Fun with WebService::Solr, Part I of III

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This posting (Part I) is an introduction to a Perl module called WebService::Solr. In it you will learn a bit of what Solr is, how it interacts with Lucene (an indexer), and how to write two trivial Perl scripts: 1) an indexer, and 2) a search engine. Part II of this series will introduce less trivial scripts — programs to index and search content from the Directory of Open Access Journals (DOAJ). Part III will demonstrate how to use WebService::Solr to implement an SRU interface against the index of DOAJ content. After reading each Part you should have a good overview of what WebService::Solr can do, but more importantly, you should have a better understanding of the role indexers/search engines play in the world of information retrieval.

Solr, Lucene, and WebService::Solr

I must admit, I’m coming to the Solr party at least one year late, and as you may or may not know, Solr is a Java-based, Web Services interface to the venerable Lucene — the current gold standard when it comes to indexers/search engines. In such an environment, Lucene (also a Java-based system) is used to first create inverted indexes from texts or numbers, and second, provide a means for searching the index. Solr is a Web Services interface to Lucene. Instead of writing applications reading and writing Lucene indexes directly, you can send Solr HTTP requests which are parsed and passed on to Lucene. For example, one could feed Solr sets of metadata describing, say, books, and provide a way to search the metadata to identify items of interest. (“What a novel idea!”) Using such a Web Servcies technique the programmer is free to use the programming/scripting language of their choice. No need to know Java, although Java-based programs would definitely be faster and more efficient.

For better or for worse, my programming language of choice is Perl, and upon perusing CPAN I discovered WebService::Solr — a module making it easy to interface with Solr (and therefore Lucene). After playing with WebService::Solr for a few days I became pretty impressed, thus, this posting.

Installing and configuring Solr

Installing Solr is relatively easy. Download the distribution. Save it in a convenient location on your file system. Unpack/uncompress it. Change directories to the example directory, and fire up Solr by typing java -jar start.jar at the command line. Since the distribution includes Jetty (a pint-sized HTTP server), and as long as you have not made any configuration changes, you should now be able to connect to your locally hosted Solr administrative interface through your favorite Web browser. Try, http://localhost:8983/solr/

When it comes to configuring Solr, the most important files are found in the conf directory, specifically, solrconfig.xml and schema.xml. I haven’t tweaked the former. The later denotes the types and names of fields that will ultimately be in your index. Describing in detail the in’s and out’s of solrconfig.xml and schema.xml are beyond the scope of this posting, but for our purposes here, it is important to note two things. First I modified schema.xml to include the following Dublin Core-like fields:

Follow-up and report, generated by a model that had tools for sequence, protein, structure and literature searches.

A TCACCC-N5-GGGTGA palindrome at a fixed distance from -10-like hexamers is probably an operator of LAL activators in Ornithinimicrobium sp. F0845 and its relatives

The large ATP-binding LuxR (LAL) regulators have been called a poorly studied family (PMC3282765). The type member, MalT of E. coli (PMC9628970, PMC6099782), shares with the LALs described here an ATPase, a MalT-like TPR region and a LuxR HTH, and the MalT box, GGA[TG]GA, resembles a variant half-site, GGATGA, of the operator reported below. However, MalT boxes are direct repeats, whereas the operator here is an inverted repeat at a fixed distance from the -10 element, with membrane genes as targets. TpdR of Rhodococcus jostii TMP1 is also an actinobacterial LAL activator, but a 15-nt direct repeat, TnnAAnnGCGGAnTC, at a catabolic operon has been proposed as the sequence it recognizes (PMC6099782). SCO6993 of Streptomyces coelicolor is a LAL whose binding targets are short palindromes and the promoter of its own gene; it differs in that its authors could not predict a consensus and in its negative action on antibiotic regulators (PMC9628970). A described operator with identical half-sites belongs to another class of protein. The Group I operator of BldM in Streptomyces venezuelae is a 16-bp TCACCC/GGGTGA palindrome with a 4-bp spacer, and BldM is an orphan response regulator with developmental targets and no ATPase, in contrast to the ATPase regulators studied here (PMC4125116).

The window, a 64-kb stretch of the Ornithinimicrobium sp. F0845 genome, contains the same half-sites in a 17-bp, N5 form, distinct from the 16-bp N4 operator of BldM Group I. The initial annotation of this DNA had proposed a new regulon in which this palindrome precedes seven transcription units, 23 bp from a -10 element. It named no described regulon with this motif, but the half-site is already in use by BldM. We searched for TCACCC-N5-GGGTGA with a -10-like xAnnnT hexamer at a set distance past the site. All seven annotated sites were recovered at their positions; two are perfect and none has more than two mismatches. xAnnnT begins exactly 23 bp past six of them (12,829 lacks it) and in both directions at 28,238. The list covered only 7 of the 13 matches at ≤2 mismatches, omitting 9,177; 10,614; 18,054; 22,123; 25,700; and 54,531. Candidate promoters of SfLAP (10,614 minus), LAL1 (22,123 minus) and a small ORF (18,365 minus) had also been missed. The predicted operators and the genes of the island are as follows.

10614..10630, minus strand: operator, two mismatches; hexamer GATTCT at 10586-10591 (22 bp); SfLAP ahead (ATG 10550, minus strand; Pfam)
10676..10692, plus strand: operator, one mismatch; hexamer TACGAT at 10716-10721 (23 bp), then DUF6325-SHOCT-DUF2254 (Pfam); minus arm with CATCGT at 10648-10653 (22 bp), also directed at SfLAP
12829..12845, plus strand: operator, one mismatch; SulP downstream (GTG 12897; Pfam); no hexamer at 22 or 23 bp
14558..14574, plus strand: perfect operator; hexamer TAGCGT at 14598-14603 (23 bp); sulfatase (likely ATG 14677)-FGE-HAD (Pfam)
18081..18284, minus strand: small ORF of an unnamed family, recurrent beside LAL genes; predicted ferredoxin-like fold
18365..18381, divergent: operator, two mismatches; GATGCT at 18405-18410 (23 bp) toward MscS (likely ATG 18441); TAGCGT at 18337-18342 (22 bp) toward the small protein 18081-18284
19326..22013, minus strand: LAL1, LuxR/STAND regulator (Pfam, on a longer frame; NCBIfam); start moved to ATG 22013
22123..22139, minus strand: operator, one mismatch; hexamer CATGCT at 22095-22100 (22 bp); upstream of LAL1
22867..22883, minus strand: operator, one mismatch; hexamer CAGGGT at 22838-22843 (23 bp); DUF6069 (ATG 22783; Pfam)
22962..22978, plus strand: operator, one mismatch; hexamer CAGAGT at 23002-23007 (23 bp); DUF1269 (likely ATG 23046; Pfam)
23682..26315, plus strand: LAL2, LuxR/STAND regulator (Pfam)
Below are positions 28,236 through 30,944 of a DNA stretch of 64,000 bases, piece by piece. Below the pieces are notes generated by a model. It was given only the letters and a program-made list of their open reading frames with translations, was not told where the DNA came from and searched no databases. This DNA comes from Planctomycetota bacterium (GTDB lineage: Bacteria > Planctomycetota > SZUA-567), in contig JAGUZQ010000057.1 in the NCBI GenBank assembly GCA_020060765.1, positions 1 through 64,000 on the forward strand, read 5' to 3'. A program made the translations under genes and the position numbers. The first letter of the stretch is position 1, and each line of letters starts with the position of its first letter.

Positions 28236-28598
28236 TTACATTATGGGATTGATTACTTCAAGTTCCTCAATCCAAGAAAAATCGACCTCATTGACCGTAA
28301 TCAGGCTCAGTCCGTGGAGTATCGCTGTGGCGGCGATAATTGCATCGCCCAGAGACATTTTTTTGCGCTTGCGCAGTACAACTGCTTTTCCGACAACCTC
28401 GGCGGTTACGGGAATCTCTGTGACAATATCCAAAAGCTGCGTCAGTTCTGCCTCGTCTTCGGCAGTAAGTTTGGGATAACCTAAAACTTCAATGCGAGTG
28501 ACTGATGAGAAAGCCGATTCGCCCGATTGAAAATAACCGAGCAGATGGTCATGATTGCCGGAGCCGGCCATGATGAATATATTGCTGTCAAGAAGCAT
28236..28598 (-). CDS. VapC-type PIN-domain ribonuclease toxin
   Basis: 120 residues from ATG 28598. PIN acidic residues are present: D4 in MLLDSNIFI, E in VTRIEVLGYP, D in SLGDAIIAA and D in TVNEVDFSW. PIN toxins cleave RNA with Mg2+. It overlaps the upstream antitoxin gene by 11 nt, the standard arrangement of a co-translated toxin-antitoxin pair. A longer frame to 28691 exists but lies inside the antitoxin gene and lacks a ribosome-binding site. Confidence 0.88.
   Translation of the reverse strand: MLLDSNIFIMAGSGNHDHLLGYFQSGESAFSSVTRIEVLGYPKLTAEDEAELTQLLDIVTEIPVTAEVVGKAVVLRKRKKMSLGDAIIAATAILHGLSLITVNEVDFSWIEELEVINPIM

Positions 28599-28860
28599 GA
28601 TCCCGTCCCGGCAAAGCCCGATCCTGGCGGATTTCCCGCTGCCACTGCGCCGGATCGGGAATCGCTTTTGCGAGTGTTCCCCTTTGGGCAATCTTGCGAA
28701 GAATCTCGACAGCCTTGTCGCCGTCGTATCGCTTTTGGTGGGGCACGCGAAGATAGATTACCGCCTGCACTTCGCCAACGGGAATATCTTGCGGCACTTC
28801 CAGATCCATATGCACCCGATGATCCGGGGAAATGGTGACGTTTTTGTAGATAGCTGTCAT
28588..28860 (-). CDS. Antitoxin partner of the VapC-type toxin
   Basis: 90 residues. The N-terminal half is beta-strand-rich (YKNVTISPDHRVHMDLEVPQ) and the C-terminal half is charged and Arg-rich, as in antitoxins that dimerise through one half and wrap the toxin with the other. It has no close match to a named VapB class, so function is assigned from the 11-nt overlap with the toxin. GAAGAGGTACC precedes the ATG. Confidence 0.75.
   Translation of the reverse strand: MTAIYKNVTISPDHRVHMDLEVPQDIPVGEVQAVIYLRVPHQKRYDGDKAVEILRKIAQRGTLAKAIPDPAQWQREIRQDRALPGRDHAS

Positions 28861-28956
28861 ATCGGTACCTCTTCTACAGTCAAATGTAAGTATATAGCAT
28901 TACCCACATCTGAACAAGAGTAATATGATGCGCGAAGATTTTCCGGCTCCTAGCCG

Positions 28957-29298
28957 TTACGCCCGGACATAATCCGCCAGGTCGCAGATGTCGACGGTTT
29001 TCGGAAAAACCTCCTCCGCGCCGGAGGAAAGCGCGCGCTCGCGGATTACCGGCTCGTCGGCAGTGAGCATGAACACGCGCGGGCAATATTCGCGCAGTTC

<!-- a set of "Dublin Core-lite" fields -->
  <fields>
    <field name="id" type="string" indexed="true" stored="true" required="true" />
    <field name="title" type="text" indexed="true" stored="true" />
   <field name="text" type="text" indexed="true" stored="false" />
  </fields>

  <!-- what field is the key, very important! -->
  <uniqueKey>id</uniqueKey>

  <!-- field to search by default; the power of an index -->
  <defaultSearchField>text</defaultSearchField>

  <!-- how to deal with multiple terms -->
  <solrQueryParser defaultOperator="AND" />

  <!-- copy content into the default field -->
  <copyField source="title" dest="text" />

Second, I edited a Jetty configuration file (jetty.xml) so it listens on port 210 instead of the default port, 8983. “Remember Z39.50?”

There is a whole lot more to configuring Solr than what is outlined above. To really get a handle on the indexing process the Solr documentation is required reading.

Installing WebService::Solr

Written by Brian Cassidy and Kirk Beers, WebService::Solr is a set Perl modules used to interface with Solr. Create various WebService::Solr objects (such as fields, documents, requests, and responses), and apply methods against them to create, modify, find, add, delete, query, and optimize aspects of your underlying Lucene index.

Since WebService::Solr requires a large number of supporting modules, installing WebService::Solr is best done with using CPAN. From the CPAN command line, enter install WebService::Solr. It worked perfectly for me.

Indexing content

My first WebService::Solr script, an indexer, is a trivial example, below:

 #!/usr/bin/perl
 
 # trivial-index.pl - index a couple of documents
 
 # define
 use constant SOLR => 'http://localhost:210/solr';
 use constant DATA => ( 'Hello, World!', 'It is nice to meet you.' );
 
 # require
 use strict;
 use WebService::Solr;
 
 # initialize
 my $solr = WebService::Solr->new( SOLR );
 
 # process each data item
 my $index = 0;
 foreach ( DATA ) {
 
   # increment
   $index++;
     
   # populate solr fields
   my $id  = WebService::Solr::Field->new( id  => $index );
   my $title = WebService::Solr::Field->new( title => $_ );
 
   # fill a document with the fields
   my $doc = WebService::Solr::Document->new;
   $doc->add_fields(( $id, $title ));
 
   # save
   $solr->add( $doc );
   $solr->commit;
 
 }